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Monday, July 4, 2011

Education Eminent Domain: Bloomberg's School Land Grab

Eminent domain, according to Wikipedia:
"Eminent domain (United States), compulsory purchase (United Kingdom, New Zealand, Ireland), resumption/compulsory acquisition (Australia) or expropriation (South Africa and Canada) is an action of the state to seize a citizen's private property, expropriate property, or seize a citizen's rights in property with due monetary compensation, but without the owner's consent. The property is taken either for government use or by delegation to third parties who will devote it to public or civic use or, in some cases, economic development. The most common uses of property taken by eminent domain are for public utilities, highways, and railroads[citation needed], however it may also be taken for reasons of public safety, such as in the case of Centralia, Pennsylvania. Some jurisdictions require that the government body offer to purchase the property before resorting to the use of eminent domain."

It seems to me that all the rallies, the begging and protests for an end to the co-location of charter and public schools are having no effect on the Bloomberg-political-complex. Mike Bloomberg and his Assistant Dennis Wolcott aren't listening because they dont have to, no matter how "nice" Mr. Wolcott is to the general public..... kind of  "I cant hear you" because "you dont/cant understand our policy" deafness. Their approach to the closing of schools reminds me of my studies in planned obsolescence. Let's not forget that FIFO and LIFO, popularized in Mayor Bloomberg's PR campaign to get tenured teachers out of their jobs, was, you may know, always defined as moving old products off of a shelf for tax advantages. People are not products, Sir!

I have posted many articles about the land grab in New York and other states on my website
FATAL $UBTRACTION: How State-Mandated Property Tax Exemptions Subsidize New York City Private Education at the Expense of Public Schools and CUNY

Eminent Domain: KELO et al. v. CITY OF NEW LONDON et al.

Does the Federal Government Have a "Property Right" in Our Public School Children?  

The last article by John Wenders raises many interesting possibilities about how Bloomberg may view the public school children in NYC that he cheerfully put into the hands of Cathie Black for, thankfully, a short time. But the article that I would like to turn your attention to is:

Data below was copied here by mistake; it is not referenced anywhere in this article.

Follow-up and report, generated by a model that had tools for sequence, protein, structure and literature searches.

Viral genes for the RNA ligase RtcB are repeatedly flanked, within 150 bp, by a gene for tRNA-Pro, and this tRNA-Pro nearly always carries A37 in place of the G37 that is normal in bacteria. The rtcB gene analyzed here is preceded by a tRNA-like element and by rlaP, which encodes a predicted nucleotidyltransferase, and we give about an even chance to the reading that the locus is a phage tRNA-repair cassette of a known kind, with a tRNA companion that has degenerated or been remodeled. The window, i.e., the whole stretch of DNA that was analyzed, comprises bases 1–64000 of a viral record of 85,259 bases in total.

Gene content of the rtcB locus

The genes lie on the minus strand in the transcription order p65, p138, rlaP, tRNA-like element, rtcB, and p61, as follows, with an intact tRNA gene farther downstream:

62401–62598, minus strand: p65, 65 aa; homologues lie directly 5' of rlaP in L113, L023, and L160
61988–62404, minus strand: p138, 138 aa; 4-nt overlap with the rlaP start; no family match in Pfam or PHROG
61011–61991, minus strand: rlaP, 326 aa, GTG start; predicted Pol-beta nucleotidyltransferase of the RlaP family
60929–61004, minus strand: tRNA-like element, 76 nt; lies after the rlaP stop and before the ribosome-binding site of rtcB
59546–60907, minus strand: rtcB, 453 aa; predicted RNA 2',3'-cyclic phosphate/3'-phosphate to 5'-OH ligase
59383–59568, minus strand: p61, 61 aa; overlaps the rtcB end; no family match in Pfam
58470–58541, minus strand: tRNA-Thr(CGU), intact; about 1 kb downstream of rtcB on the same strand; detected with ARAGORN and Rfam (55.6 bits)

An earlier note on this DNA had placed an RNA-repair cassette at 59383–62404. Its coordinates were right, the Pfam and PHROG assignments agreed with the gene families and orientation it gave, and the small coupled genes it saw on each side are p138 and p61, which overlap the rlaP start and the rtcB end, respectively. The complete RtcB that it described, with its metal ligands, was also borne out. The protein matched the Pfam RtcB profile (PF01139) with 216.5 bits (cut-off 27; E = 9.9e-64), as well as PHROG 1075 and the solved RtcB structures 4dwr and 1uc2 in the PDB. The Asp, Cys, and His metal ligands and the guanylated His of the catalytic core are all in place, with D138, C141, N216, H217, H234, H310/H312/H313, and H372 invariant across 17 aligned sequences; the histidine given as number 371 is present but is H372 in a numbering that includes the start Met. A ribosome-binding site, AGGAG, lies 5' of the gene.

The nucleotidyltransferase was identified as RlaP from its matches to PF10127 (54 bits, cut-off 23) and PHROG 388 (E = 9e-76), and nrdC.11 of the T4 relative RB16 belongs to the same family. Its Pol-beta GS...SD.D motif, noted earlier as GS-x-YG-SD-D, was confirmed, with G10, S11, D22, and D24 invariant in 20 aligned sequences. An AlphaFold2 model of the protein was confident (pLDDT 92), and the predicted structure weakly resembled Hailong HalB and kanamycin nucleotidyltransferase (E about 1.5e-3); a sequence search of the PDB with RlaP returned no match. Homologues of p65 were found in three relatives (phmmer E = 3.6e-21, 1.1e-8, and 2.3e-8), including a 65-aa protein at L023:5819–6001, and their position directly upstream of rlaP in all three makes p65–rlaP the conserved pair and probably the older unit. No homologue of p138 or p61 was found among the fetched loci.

Michael Cardozo: In Defense of Eminent Domain or Taking Private Property For Public Use
Let's suppose for a minute that Mike Bloomberg designed the closing of schools in 2002, then left the undesirable schools with no teachers, supplies and a Principal from the Leadership Academy who was there ONLY to close the school, all for the take-over of property, albeit with a school already placed on it. If the school was in a location that he wanted, he made sure that it failed, so that he could take over the property in kind of a new version of eminent domain. Giuliani played around with getting a new Stadium in a sweetheart deal that was not really covered in the press, and Norman Siegel lost his case against Columbia University.
I still remember vividly the day that Courtney Ross, owner of the Ross Global Charter Academy, walked into my daughter's school, NEST+M, in 2005 with her entourage - including Garth Harries - and a tape measure. She walked down the hallways telling her people which rooms suited her students, and she sent the person with a tape measure to find out exactly how big the rooms she liked were, for the 'take-over'. We parents sued the New York City Board of Education as well as the Regents, and won. We had Assembly Speaker Sheldon Silver on our side.
Anyway, years from now when the Bloomberg Administration is studied as a period of outrage and chaos in New York City, students will understand there is only one way to do something under the Bloomberg unwatchful eye (remember CityTime?) - his way, without strategy or planning. 

July 3, 2011

A Failing School? Not to These Students
New York Times

Everyone knows Jamaica High is a bad school. The past two years, it has received D’s on its report card from the city and been labeled persistently dangerous by the state.

In February, the Bloomberg administration placed Jamaica on a list of 22 failing schools it planned to close. The mayor and his schools chancellors have sent letters encouraging students to enroll elsewhere, and the shrinking of the student body has led to a decline in financing, squeezing the juice out of Jamaica High.

There was no money for lab lessons in advanced biology, which upset Doreen Mohammed and Tonmoy Kabiraj, who hope to be doctors. Courtney Perkins’s advanced math class did not have graphing calculators until eight months into the school year. The last music teacher was sent to another school, which really frustrated Mills Duodu, who plays violin, trumpet, drums and piano.

City officials have vigorously fought a lawsuit brought by the teachers’ union seeking to save the 22 schools, 15 of them high schools. In May, the schools chancellor, Dennis M. Walcott, called the union’s position “unacceptable” and vowed to “defend the honor of our students.”